|Tuesday, September 03, 2013||Contact: Shannon Luce (859) 224-2716|
|The Jockey Club’s T.I.P. Announces Non-Competition Award Winners|
The Jockey Club Thoroughbred Incentive Program (T.I.P.) today announced the recipients of its two non-competition awards for 2013: the T.I.P. Thoroughbred of the Year Award and the T.I.P. Young Rider of the Year Award.
The Thoroughbred of the Year Award recognizes a Thoroughbred that has excelled in a non-competitive career, such as equine-assisted therapy or police work.
This year’s recipient is Loveable Rascal, aka Rascal, an 11-year-old therapy horse from Fieldstone Farm Therapeutic Riding Center in Chagrin Falls, Ohio. He has been a therapy horse for six years.
Rascal was bred by former governor of Kentucky, Brereton C. Jones’ Airdrie Stud. When Rascal left the racetrack he became a successful hunter/jumper, but after an injury, he was donated as a therapy horse, where he excelled because of his patience and easy-going attitude.
“Rascal is one of those horses that not only knows he is helping riders, he wants to,” said Jinene Studinski, Equine Director at Fieldstone Farm in their Horse of the Year Application. “Through Rascal’s generous heart and instinct to serve, children with autism and Down Syndrome have said their first words. Adults with multiple sclerosis and children with neurological disorders have improved balance and gained strength. Some have even taken their first steps after riding him. High school students and military veterans have found hope and strength. Rascal is an amazing horse that reaches people of all ages and with all kinds of challenges and helps them become stronger physically and emotionally so they can better cope with daily life.”
The young rider award, which recognizes a rider 18 or under who owns or leases a Thoroughbred for use in 4-H, Pony Club or other activities, was split among four riders, Chloe Bellerive, Madison Shaughnessy, Natalie Roberts, and Annise Montplaisir.
Bellerive is 14 and has been riding since she was 2. She is involved in various horse activities both mounted and educational, including 4-H, FFA, and USHJA, and is an ambassador for Thoroughbreds.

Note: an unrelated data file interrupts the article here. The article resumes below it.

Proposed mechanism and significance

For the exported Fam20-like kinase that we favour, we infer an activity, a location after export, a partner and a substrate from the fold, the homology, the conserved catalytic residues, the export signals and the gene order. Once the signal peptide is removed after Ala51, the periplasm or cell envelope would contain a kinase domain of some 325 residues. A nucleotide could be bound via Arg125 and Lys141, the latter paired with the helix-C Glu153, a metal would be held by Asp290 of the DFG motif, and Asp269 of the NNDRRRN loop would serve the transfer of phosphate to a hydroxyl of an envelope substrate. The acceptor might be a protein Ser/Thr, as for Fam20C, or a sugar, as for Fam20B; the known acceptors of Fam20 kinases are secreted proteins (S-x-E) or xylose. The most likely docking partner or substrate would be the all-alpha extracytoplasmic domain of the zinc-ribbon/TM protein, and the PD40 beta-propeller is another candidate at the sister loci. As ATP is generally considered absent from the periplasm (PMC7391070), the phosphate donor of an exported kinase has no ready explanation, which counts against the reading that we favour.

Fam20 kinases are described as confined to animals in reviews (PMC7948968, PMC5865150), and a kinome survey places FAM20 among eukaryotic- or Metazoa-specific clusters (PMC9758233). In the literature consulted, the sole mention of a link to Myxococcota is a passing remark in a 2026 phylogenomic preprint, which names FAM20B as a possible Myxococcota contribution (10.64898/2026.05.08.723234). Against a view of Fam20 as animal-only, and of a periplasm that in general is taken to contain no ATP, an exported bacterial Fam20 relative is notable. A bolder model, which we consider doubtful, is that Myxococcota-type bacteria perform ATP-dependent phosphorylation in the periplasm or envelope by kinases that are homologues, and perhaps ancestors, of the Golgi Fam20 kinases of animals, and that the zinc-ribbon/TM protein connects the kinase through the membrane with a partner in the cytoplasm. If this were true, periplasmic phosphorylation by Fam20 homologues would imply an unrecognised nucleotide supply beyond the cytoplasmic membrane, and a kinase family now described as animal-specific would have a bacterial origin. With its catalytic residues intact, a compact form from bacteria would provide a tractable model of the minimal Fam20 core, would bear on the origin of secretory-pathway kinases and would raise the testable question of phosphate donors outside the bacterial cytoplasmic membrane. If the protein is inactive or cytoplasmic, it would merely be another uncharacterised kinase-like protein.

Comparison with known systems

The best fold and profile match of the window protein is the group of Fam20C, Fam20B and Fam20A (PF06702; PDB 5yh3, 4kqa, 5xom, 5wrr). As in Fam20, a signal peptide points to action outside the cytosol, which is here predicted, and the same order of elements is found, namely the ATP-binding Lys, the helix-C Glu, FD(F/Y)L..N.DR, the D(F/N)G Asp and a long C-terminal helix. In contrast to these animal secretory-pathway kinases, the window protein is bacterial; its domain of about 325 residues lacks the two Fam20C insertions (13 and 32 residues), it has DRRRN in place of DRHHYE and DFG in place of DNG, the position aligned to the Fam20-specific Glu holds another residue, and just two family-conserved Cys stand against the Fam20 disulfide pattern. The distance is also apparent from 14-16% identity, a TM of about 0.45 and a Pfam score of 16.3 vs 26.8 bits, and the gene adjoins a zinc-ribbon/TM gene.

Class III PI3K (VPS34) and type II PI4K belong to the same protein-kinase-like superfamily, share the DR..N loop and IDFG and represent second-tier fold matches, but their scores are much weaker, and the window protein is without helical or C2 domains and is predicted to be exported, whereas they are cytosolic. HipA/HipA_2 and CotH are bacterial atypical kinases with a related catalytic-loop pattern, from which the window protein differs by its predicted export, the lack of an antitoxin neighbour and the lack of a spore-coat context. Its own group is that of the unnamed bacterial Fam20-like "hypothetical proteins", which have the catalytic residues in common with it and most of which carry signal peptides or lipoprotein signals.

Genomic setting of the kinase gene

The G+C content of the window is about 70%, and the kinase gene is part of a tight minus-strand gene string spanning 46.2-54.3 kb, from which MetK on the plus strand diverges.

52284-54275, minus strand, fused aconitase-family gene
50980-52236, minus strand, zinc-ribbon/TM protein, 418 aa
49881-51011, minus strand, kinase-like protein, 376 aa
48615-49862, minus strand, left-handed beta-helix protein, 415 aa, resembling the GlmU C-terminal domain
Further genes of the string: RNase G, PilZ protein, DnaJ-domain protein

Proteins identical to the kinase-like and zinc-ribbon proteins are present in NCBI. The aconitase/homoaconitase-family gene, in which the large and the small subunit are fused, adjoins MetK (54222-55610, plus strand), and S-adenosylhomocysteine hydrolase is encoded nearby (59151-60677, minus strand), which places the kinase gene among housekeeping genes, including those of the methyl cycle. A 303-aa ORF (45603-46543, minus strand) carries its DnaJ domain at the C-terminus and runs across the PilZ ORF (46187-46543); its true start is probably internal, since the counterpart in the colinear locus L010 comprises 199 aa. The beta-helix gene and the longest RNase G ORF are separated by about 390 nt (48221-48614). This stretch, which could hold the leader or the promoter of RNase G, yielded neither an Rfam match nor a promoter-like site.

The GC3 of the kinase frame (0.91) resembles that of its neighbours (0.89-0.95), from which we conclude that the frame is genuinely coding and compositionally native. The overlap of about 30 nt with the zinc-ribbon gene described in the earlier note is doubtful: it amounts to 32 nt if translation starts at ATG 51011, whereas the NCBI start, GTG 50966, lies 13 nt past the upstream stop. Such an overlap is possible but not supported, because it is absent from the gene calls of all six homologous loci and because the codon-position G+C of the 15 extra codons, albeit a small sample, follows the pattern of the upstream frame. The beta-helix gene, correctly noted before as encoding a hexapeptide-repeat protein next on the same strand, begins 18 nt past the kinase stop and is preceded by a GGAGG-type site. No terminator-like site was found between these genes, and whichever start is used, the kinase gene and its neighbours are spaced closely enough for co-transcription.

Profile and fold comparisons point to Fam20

“Everywhere we go, after I exit the rings, someone always asks me about his breeding, and I very proudly state he is a Thoroughbred and an ex-racehorse that I was very lucky to find,” said Bellerive.
Her horse, Lemon Twister, aka Atlas, raced four times with one win and earnings of $16,320.
Bellerive, who is from Keedysville, Md., plans to use her T.I.P. award funds for training and to help promote Thoroughbreds in their second careers.
Madison Shaughnessy, an 18-year-old from Niangua, Mo., rescued her horse MissGuided from Forget Me Now Horse Rescue, where Shaughnessy was a volunteer.
MissGuided, aka Missy, had 16 starts and earned more than $22,000. “This horse has inspired me and changed my outlook on life in so many different ways,” said Shaughnessy.
Shaughnessy plans to use her T.I.P. award funds to help pay for her education at William Woods University, where she plans to pursue a path in the horse industry.
Roberts, an 18-year-old from Winters, Calif. Her horse, Cece, aka Comcord, was a challenge to ride when Roberts first got her. “Cece was a very difficult horse when she first came off the track; however, many of her behavioral issues were caused by physical pain related to management practices that were easily corrected,” said Roberts.
Because of what she learned from Cece, Roberts plans to use her T.I.P. award to help pay for her education. She plans to study biochemisty and molecular biology at University of California, Davis, to prepare for veterinary school.
Montplaisir met her horse, Cyclone Larry, aka Larry, when she was working as a Racehorse Ambassador at the North Dakota Horse Park. “On race days, I would stand by the front gates near a corral that held an off-the-track Thoroughbred,” said Montplaisir. “The goal was to promote the adoption of off-the-track Thoroughbreds and increase the popularity of horse racing.”
Montplaisir, who is 18 and lives in Moorhead, Minn., plans to use her T.I.P. award funds to help pay for her education at North Dakota State University. Her goal is to work in the horse racing industry.
Created and announced in October 2011, T.I.P. recognizes and rewards the versatility of the Thoroughbred through sponsorship of Thoroughbred classes and high point awards at sanctioned horse shows, performance awards, and non-competition awards. For more information about T.I.P., please visit tjctip.com.
The Jockey Club, founded in 1894 and dedicated to the improvement of Thoroughbred breeding and racing, is the breed registry for North American Thoroughbreds. In fulfillment of its mission, The Jockey Club provides support and leadership on a wide range of important industry initiatives and it serves the information and technology needs of owners, breeders, media, fans and farms, among others. Additional information is available at jockeyclub.com.